Urinary arsenic methylation profile in children exposed to low arsenic levels through drinking water

Maria M. Meza-Montenegro, Michael J. Kopplin, Jefferey L. Burgess, A. Jay Gandolfi

Research output: Contribution to journalArticlepeer-review

5 Scopus citations


There is a lack of information on arsenic metabolism in children exposed chronically to low levels of arsenic (<50 μg L-1). The objective of this study was to determine the methylation profile of urinary arsenic metabolites in children exposed to low-level concentrations of arsenic via their drinking water. A cross-sectional study was undertaken in 50 children from four towns in the Yaqui Valley, Sonora, with total arsenic values of 39.9, 16.8, 7.3, and 5.5 μg L-1 in their drinking water, respectively. First morning void samples were analyzed for inorganic-As (InAs), mono and dimethyl arsenic (MMA and DMA). The total arsenic excreted in urine ranged from 23.1 to 99.1 μg L-1 and these levels did not vary by sex. Children with the highest level of total arsenic in their drinking water excreted the highest amount in urine and the length of residence and age also had significant contribution. Children with a lower range of arsenic exposure (16.8-5.5 μg L-1) had similar amounts of arsenic in urine with values of 23.1, 28.2, and 32.6 μg L-1, respectively. DMA had the highest proportion in urine (52.1-74.7%), followed by InAs (16.3-34.9%) and MMA (4.4-8.4%). Compared to other reports, these children excreted a low %MMA (6.1%), and children from the towns with the lowest levels of arsenic had the highest %InAs and the lowest %DMA. This variability in arsenic methylation was partially explained by arsenic concentration in drinking water, years of residence and age, and may reflect genetic differences or more contribution from different exposure routes. In conclusion, our results show that at low levels of exposure the children's ability to metabolize InAs did not have a linear association with the levels of arsenic, and overall children from the Yaqui Valley excrete a lower %MMA than expected.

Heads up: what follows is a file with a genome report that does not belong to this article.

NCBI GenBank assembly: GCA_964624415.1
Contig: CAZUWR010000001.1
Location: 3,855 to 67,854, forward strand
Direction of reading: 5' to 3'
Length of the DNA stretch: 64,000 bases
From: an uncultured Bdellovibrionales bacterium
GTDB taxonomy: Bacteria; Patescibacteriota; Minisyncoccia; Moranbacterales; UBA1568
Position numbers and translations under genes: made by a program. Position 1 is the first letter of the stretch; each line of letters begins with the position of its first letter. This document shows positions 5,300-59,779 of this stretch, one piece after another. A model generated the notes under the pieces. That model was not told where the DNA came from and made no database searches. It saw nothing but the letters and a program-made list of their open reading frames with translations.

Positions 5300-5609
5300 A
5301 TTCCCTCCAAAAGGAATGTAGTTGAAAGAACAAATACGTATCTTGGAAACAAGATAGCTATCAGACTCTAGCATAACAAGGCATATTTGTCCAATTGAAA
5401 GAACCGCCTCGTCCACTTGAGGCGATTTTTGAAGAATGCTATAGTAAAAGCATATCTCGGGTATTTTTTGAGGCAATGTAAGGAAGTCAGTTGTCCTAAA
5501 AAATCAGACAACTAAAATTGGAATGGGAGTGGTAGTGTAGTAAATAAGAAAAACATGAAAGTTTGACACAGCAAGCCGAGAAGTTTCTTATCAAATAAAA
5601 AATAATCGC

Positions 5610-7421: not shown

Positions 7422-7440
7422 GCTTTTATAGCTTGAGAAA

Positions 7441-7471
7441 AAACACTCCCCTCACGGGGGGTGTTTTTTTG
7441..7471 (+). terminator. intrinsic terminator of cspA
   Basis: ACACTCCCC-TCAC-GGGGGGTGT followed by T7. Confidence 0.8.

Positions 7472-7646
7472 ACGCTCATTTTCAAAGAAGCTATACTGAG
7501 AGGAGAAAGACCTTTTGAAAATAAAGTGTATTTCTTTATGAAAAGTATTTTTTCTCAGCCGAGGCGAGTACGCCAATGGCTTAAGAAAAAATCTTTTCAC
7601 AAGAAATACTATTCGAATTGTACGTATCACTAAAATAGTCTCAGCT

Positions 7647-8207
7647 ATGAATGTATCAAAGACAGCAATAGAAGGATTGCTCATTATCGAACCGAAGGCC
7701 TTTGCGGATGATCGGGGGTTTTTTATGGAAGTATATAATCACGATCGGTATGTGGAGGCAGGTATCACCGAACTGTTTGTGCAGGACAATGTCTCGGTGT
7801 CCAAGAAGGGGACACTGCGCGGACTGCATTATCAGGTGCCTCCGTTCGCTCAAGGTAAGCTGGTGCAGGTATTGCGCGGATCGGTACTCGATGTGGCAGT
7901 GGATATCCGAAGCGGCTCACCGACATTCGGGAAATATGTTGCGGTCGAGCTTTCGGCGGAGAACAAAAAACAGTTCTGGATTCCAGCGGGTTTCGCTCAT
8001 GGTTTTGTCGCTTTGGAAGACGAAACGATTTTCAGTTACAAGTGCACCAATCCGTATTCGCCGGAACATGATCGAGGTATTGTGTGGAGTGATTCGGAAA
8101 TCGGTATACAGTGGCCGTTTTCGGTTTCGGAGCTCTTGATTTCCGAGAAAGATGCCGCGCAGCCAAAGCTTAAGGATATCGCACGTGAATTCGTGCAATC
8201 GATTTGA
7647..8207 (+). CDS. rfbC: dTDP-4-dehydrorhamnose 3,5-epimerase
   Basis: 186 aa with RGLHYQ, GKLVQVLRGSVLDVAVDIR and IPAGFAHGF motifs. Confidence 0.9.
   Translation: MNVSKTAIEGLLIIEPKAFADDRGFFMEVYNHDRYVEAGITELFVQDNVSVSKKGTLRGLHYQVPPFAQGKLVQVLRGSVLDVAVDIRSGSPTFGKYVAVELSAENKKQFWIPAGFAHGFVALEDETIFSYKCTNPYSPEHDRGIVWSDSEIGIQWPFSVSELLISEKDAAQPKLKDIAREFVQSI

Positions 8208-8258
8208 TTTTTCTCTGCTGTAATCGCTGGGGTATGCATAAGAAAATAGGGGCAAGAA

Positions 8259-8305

Original languageEnglish (US)
Pages (from-to)957-970
Number of pages14
JournalToxicological and Environmental Chemistry
Issue number5
StatePublished - Sep 2008


  • Children
  • Drinking water
  • Low-level exposure
  • Sonora
  • Urinary arsenic

ASJC Scopus subject areas

  • Environmental Chemistry
  • Pollution
  • Health, Toxicology and Mutagenesis


Dive into the research topics of 'Urinary arsenic methylation profile in children exposed to low arsenic levels through drinking water'. Together they form a unique fingerprint.

Cite this